Treatment of large intestine cancer
Treatment of large intestine cancer
A cancer of the large intestine is a disease afflicting both men and women, mostly in developed countries. Men are afflicted up to 9 times more commonly than women. An important prerequisite of a successful treatment is a team approach. This means the cooperation of several specialists. These being the oncologist, the surgeon, the pathologist, the radiotherapist, the radiodiagnostics specialist and if necessary even the clinical psychologist. Before the start of any treatment this team needs to meet and decide the best course of treatment for each specific patient.
Tumor is a growth, created as a result of a changed genetic code in a cell, which starts to grow and reproduce uncontrollably due to this change. A tumor can be either malignant or benign. A malignant tumor grows quickly, spreads into its surroundings and destroys nearby tissue. Its main danger lies in its ability to form so called metastases, secondary cancer nodules spreading from the main tumor. A benign tumor grows slowly, doesn't spread into its surroundings and doesn't form metastases. It can however press on and damage surrounding tissue due to its size and impair its function in this way.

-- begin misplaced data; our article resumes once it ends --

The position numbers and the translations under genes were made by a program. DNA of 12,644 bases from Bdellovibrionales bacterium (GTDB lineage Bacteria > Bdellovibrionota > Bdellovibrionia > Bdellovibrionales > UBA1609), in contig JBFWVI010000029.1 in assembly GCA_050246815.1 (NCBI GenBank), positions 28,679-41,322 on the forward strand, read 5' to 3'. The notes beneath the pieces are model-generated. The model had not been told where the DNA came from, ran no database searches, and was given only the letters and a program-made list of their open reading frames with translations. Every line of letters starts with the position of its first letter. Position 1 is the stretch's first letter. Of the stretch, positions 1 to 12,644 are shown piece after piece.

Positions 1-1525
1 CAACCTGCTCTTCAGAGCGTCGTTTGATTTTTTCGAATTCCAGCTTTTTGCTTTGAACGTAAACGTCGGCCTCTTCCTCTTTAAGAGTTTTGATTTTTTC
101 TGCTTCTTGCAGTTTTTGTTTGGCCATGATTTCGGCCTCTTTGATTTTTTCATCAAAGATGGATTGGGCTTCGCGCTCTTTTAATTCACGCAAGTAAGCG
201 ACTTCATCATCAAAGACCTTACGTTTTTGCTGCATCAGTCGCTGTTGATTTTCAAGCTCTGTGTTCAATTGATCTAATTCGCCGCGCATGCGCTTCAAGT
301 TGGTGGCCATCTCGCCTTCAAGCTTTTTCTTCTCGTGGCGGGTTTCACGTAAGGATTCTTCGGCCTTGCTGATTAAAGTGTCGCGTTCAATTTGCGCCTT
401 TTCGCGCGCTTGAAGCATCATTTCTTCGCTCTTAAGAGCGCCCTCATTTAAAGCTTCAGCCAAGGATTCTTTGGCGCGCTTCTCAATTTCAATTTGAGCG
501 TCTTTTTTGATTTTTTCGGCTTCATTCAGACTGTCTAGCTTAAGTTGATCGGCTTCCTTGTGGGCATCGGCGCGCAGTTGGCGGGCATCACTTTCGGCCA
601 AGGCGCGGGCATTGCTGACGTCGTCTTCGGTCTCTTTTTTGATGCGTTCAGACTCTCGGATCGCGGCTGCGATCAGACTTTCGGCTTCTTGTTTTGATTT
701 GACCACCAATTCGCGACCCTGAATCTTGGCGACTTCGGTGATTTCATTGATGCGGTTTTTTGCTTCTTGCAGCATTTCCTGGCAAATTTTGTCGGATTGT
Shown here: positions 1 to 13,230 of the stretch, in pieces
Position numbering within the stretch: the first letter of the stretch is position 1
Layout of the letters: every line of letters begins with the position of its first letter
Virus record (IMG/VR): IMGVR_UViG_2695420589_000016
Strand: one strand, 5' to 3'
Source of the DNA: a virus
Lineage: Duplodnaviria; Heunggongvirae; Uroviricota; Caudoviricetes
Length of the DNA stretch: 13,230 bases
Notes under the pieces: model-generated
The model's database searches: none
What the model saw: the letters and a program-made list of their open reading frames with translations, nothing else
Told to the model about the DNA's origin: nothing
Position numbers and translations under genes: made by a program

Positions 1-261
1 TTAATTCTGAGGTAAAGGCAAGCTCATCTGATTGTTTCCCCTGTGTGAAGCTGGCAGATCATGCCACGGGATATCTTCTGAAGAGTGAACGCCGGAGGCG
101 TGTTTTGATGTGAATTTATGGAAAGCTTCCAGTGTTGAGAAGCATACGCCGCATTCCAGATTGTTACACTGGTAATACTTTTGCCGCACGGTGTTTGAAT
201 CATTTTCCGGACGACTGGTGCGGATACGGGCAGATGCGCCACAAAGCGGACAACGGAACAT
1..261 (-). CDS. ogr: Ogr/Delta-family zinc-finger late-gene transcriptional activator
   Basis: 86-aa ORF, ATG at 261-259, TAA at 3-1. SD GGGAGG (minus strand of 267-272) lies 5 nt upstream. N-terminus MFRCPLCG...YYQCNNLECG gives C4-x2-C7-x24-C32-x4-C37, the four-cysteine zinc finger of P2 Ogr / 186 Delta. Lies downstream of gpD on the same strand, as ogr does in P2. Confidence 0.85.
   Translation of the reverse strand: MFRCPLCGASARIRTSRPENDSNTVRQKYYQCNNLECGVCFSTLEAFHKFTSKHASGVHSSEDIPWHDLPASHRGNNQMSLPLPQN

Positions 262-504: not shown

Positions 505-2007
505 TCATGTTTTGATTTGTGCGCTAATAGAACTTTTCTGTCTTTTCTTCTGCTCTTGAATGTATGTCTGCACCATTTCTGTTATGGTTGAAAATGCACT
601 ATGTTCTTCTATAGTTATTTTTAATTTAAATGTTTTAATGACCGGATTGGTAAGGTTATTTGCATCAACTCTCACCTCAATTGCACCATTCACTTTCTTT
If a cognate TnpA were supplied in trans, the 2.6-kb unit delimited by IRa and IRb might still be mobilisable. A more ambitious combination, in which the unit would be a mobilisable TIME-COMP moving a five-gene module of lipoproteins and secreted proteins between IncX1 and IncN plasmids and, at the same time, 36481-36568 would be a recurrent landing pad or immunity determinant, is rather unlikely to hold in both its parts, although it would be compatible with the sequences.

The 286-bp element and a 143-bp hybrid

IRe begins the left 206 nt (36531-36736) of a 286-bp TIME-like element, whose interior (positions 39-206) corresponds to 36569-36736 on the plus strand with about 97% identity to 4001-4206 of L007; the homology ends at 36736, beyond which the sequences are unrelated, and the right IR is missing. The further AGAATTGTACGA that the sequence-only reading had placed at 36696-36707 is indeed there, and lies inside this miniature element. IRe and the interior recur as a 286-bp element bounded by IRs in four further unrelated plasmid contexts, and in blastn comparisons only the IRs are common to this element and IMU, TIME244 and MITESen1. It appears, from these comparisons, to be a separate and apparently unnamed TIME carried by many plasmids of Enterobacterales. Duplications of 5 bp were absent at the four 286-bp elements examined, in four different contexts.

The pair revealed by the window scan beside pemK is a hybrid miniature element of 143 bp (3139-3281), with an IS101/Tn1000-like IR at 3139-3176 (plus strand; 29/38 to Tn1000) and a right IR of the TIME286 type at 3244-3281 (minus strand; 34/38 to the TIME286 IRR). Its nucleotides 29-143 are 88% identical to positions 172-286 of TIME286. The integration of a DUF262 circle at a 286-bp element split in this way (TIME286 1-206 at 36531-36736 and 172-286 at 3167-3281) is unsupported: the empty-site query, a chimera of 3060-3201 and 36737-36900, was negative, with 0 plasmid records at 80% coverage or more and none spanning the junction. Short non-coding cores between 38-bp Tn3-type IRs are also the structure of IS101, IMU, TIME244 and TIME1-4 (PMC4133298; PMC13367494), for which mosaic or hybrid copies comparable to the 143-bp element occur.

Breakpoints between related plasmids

Treatment of benign tumors of the large intestine
Among the benign tumors of the large intestine are so called polyps. These are growths of the mucous tissue, sticking out into the intestine's lumen. They manifest either through visible bleeding from the rectum or through hidden bleeding. This can be uncovered using an occult (hidden) bleeding test. A polyp doesn't endanger one's life, but it still needs to be removed as soon as possible, since it can turn into a malignant tumor. A patient with polyps requires colonoscopy. This is an endoscopic examination, where a tube fitted with a camera is inserted through the anus, allowing the doctor to spot any polyps in the intestine. An advantage of this method is that during the exam the polyps can be instantly and painlessly removed and sent to biopsy. In the case of larger polyps, which cannot be removed in this way, a surgery is necessary. A patient who was diagnosed with polyps needs to be monitored and examined regularly.
Treatment of malignant tumors of the large intestine
A malignant tumor of the large intestine, a colorectal carcinoma, is among the most common oncologic diagnoses. It was proven that men suffer from this disease up to nine times more commonly. Up to 85% of all colorectal carcinomas are the result of intestinal polyps. In the treatment itself, 4 different types of treatment are used and often combined. These are surgery, chemotherapy, radiotherapy and newly biotherapy.
Surgical treatment of tumors of the large intestine
Surgical treatment is the basic method, consisting of surgical removal of the tumor, nearly lymph nodes and if necessary, any secondary cancer nodules in other organs. Depending on the size and localization of the tumor, hemicolectomy is usually performed. This is a surgical removal of a half of the large intestine, based on the placement of the tumor. All nearby lymph nodes are also removed and sent to biopsy. Determining the amount of affliction of these nodes is a key part in determining the patient's prognosis. If secondary cancer nodules are found, these are also removed surgically.